1. Steal the Menu, by Raymond Sokolov
Raymond Sokolov is one of the most esteemed names in food writing. He's written about food and foodways for Natural History magazine and the Wall Street Journal, and served a stint as the New York Times restaurant critic. In Steal the Menu: A Memoir of Forty Years in Food, he discusses his forays into food writing with humility, humor, and insight. His poignant recollections of dining experiences and observations about the industry are well worth a read.
2. Pandora's Lunchbox, by Melanie Warner
Anyone who's been to a grocery store knows that much of the food we find in American supermarkets is packaged, shelf-stable, or preserved. In Pandora's Lunchbox: How Processed Food Took Over the American Meal, Melanie Warner takes us through the history and conception of processed foods. She attends trade shows, observes food chemistry labs, and does her own ad-hoc food experiments to better understand the way science has changed our groceries. Warner's expertise as a business writer provides a unique take on the process of food industrialization.
3. Poor Man's Feast, by Elissa Altman
Elissa Altman writes beautifully and honestly about food, love, and how the two intersect over at her James Beard award-winning blog, Poor Man's Feast. Her new book, Poor Man's Feast: A Love Story of Comfort, Desire, and the Art of Simple Cooking is just as personal, a lovely read about Altman's life-long passion for food. Altman writes deeply about her relationship with her partner, Susan, and with edgy wit about her less-than-supportive, "food-phobic" mother, among other rich characters. As humble and relatable as her blog, Altman's memoir is a reflection on work, love, cooking, and finding the balance between them all.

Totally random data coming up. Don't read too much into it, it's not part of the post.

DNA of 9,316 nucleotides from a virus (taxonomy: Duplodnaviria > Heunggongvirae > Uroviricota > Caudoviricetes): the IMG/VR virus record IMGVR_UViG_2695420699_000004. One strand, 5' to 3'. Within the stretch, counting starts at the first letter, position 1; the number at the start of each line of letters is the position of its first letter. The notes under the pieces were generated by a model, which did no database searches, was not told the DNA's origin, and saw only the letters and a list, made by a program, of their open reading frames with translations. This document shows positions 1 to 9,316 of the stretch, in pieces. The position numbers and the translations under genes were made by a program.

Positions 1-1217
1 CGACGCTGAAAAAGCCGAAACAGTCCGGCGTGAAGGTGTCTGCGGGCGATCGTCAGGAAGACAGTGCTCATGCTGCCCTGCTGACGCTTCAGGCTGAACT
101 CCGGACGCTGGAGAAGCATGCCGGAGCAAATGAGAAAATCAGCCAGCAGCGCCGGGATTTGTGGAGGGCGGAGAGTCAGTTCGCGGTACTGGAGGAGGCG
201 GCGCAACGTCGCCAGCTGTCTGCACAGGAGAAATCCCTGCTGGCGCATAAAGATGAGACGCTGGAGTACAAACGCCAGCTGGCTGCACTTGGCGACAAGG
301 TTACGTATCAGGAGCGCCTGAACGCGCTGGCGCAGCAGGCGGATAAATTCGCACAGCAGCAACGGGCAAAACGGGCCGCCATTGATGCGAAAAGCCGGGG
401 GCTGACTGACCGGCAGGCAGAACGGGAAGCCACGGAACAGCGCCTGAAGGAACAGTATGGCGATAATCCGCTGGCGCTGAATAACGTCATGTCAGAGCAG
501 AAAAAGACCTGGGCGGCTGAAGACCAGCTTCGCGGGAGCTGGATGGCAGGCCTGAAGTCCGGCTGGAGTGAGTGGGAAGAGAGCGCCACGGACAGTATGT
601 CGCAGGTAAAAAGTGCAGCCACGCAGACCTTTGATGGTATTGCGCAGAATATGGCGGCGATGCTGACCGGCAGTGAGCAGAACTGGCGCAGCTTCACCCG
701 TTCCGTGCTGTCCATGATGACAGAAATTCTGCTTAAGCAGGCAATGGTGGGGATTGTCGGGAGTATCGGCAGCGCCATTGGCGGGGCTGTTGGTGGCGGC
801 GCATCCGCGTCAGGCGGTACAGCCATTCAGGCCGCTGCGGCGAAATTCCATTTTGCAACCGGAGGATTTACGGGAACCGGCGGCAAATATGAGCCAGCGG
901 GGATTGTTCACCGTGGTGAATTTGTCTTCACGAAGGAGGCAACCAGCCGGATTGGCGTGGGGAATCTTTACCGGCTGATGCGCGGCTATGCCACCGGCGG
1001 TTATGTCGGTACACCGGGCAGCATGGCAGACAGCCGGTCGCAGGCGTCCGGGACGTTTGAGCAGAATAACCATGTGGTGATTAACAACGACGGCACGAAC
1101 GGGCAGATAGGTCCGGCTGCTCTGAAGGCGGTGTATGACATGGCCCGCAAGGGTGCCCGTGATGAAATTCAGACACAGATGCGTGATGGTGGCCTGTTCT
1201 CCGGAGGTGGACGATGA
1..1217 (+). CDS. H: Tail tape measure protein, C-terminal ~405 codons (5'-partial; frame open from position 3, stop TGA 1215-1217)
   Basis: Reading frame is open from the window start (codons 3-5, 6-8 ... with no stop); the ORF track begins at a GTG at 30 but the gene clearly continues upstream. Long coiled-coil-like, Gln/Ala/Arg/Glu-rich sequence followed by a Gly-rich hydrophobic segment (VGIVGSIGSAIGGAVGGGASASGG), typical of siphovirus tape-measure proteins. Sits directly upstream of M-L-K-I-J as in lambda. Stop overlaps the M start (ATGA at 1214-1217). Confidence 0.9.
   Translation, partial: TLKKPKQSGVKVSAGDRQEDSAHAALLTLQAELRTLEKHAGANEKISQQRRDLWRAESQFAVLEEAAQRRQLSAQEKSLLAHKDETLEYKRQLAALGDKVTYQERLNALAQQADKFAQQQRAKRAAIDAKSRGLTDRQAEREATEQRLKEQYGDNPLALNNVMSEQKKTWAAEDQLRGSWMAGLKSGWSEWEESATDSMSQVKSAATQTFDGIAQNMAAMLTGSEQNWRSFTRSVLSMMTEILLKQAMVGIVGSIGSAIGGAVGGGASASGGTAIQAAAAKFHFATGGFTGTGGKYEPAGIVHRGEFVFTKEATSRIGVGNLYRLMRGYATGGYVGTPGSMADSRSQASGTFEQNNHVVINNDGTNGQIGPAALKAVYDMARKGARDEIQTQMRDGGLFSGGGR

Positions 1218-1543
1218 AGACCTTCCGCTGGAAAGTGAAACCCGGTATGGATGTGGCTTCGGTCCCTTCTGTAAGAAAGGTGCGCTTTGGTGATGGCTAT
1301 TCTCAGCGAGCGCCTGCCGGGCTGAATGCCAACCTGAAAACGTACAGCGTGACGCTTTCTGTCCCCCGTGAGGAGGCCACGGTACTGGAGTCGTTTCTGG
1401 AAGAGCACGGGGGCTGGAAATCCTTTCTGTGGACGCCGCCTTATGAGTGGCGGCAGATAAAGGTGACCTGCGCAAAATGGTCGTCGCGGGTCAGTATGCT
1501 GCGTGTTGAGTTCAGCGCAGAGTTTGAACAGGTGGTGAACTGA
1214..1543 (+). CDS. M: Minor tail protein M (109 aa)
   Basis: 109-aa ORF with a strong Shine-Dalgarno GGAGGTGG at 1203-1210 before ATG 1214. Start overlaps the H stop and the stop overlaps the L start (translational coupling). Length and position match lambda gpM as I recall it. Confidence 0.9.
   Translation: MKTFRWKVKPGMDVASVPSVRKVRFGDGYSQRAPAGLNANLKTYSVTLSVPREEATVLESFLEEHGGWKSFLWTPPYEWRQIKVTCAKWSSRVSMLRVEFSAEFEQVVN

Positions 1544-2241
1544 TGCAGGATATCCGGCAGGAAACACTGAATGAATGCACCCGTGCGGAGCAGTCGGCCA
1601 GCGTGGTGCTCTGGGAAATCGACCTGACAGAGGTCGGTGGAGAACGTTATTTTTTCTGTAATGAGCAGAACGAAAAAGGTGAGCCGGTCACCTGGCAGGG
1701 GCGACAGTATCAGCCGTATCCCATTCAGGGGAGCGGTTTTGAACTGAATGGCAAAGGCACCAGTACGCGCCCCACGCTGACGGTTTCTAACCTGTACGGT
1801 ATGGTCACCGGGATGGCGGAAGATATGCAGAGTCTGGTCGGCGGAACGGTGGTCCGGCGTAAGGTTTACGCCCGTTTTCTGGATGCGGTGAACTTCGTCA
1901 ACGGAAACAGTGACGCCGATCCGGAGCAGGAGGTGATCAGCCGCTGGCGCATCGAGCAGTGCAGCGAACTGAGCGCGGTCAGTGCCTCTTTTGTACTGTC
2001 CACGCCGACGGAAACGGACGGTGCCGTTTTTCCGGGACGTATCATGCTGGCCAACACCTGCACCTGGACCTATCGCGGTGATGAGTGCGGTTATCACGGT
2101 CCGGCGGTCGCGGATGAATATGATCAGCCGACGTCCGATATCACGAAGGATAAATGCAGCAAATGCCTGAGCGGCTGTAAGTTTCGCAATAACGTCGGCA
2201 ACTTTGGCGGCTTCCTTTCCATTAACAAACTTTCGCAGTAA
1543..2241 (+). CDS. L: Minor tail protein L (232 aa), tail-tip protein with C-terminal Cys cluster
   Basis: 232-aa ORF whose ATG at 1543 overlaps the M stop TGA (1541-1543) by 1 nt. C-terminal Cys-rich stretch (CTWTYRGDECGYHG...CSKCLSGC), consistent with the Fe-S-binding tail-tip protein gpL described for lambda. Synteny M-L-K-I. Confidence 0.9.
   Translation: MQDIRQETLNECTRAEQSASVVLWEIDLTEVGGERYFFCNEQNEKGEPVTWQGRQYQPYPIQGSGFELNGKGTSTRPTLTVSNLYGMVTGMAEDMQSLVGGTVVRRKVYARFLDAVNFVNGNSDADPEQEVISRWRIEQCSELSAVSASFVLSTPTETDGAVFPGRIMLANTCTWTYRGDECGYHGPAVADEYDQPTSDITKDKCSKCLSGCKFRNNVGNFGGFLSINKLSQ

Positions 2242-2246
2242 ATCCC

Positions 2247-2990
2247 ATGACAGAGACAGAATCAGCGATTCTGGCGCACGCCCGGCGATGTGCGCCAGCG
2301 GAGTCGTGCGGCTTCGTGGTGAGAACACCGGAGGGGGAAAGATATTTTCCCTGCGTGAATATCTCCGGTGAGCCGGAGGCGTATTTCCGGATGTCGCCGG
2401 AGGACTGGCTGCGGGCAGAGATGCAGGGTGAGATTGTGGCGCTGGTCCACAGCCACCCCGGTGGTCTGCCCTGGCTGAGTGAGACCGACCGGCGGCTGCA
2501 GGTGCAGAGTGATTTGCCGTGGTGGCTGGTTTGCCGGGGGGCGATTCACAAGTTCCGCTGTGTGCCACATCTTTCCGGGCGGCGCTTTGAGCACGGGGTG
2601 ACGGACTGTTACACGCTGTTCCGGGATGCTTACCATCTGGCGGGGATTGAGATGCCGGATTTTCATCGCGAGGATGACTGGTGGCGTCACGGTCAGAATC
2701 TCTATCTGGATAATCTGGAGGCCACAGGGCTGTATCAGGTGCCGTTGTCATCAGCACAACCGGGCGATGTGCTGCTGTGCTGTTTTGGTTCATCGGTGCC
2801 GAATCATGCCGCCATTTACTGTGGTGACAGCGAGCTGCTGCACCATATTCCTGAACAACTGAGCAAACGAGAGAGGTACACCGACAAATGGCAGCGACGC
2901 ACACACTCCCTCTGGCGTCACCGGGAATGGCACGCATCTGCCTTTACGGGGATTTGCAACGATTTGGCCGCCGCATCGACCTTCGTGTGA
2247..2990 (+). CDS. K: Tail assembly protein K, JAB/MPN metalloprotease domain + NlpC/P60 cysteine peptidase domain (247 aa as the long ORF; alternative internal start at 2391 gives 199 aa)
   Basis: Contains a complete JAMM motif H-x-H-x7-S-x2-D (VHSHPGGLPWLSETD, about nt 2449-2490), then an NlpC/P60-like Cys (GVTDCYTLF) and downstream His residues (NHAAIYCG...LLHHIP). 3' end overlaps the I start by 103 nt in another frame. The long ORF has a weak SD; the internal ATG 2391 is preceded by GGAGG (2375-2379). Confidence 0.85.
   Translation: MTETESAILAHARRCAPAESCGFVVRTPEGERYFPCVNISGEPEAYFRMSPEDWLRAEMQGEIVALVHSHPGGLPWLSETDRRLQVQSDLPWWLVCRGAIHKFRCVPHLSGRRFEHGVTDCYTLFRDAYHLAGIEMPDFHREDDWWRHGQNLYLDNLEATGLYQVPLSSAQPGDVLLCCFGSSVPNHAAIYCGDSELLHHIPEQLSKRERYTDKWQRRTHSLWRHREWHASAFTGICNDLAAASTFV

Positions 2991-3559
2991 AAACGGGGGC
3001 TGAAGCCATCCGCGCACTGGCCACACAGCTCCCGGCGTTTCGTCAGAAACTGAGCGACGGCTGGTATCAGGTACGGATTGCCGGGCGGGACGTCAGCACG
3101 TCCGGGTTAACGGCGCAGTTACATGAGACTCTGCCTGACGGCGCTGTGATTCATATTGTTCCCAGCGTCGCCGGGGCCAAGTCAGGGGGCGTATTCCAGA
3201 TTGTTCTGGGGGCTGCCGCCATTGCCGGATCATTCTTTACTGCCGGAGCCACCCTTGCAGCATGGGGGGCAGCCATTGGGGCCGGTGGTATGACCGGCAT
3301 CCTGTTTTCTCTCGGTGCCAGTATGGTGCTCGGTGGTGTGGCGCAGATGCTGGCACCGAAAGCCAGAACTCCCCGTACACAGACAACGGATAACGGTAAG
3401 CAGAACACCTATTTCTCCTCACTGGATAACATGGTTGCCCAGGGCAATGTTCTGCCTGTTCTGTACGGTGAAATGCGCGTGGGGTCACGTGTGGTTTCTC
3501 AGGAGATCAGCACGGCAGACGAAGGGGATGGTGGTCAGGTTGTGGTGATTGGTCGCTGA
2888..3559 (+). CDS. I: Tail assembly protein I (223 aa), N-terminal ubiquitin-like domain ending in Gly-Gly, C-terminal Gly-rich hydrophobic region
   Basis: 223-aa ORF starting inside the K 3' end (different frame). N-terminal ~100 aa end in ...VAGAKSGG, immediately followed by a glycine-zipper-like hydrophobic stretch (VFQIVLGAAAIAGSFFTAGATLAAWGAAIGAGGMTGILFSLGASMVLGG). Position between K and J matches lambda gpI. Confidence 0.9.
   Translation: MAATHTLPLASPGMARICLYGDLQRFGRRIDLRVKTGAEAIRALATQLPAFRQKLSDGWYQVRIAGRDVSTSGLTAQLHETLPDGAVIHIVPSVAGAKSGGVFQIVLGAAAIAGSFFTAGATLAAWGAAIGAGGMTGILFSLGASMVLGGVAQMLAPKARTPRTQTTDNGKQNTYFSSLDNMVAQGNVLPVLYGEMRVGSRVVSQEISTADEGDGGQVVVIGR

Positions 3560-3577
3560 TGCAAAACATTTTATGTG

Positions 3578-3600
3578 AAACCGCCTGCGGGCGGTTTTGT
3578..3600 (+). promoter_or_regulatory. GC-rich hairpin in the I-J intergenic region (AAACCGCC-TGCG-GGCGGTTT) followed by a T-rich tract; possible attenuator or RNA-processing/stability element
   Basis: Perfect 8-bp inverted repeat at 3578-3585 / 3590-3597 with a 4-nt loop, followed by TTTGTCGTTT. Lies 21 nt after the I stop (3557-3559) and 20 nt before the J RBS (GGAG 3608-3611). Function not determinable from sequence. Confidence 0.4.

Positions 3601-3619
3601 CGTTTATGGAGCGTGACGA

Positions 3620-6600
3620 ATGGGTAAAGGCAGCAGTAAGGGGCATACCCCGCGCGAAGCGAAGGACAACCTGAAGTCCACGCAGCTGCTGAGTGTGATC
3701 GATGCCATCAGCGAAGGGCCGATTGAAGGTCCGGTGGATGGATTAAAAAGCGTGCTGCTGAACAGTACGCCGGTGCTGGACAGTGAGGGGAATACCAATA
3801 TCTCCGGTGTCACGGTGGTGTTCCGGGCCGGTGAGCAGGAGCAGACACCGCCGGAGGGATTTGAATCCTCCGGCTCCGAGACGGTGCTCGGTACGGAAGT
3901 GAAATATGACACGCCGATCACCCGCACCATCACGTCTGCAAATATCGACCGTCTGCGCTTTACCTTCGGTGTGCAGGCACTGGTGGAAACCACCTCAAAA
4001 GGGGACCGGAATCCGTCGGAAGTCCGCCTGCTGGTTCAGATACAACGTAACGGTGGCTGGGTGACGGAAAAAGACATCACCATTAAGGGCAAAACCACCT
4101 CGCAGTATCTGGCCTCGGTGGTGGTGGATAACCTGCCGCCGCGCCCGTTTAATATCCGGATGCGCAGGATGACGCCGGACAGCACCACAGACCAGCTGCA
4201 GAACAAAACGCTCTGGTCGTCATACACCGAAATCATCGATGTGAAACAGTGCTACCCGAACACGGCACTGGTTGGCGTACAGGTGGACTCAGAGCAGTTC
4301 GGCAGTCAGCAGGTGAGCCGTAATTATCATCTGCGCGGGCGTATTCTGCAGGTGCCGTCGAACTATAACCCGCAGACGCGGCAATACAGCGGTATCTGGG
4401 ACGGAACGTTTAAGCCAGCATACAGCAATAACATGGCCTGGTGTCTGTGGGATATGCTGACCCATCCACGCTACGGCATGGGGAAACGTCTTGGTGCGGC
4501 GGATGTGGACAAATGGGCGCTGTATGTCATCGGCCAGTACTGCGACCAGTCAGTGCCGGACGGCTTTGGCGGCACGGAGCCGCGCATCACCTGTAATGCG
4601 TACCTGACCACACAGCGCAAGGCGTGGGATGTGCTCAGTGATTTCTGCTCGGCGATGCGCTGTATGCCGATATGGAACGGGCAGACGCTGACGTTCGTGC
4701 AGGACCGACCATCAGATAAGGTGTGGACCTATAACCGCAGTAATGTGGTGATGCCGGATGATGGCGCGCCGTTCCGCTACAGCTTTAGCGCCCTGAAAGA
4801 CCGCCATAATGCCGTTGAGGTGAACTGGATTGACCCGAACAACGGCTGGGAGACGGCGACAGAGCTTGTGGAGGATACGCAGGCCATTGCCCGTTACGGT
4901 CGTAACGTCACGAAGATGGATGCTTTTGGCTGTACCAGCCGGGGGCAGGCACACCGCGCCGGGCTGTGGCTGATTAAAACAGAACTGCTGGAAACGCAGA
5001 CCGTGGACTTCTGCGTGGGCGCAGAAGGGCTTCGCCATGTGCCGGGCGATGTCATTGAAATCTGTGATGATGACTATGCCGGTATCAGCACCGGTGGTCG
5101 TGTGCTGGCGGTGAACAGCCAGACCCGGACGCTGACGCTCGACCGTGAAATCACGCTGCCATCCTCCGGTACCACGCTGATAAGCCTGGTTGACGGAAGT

4. Gaining Ground, by Forrest Pritchard
When a young Forrest Pritchard saw his family's farm falling deep into debt due to the encroaching threat of industrial agriculture, he decided to shift his life's path toward sustainable farming. Gaining Ground: A Story of Farmers' Markets, Local Food, and Saving the Family Farm is a refreshingly farmer-focused story of the struggles and successes of sustainable agriculture. This detailed story of negotiating a farming lifestyle is punctuated with adorable pictures of Pritchard's family and anecdotes that show the power of keeping a family farm alive.
5. Restaurant Man, by Joe Bastianich
As one of the most successful restaurateurs in the industry, Joe Bastianich has shaped New York's Italian landscape for nearly three decades. His bestselling memoir Restaurant Man alternates between stories of his young adulthood in Queens and his prolific career as a restaurant owner. He bluntly shares tips and behind-the-scenes insights into the math and science of restaurants. Though at times a bit crass, Bastianich's book is revelatory about the energy, intellect, and talent required to run a successful restaurant. He speaks from his experience growing up under his mother's training, and from opening and operating over a dozen restaurants with his business partner, Mario Batali.
About the Author:Leah Douglas loves learning about, talking about, reading about, and consuming food. Her other work can be found at her website.
This post may contain links to Amazon or other partners; your purchases via these links can benefit Serious Eats. Read more about our affiliate linking policy.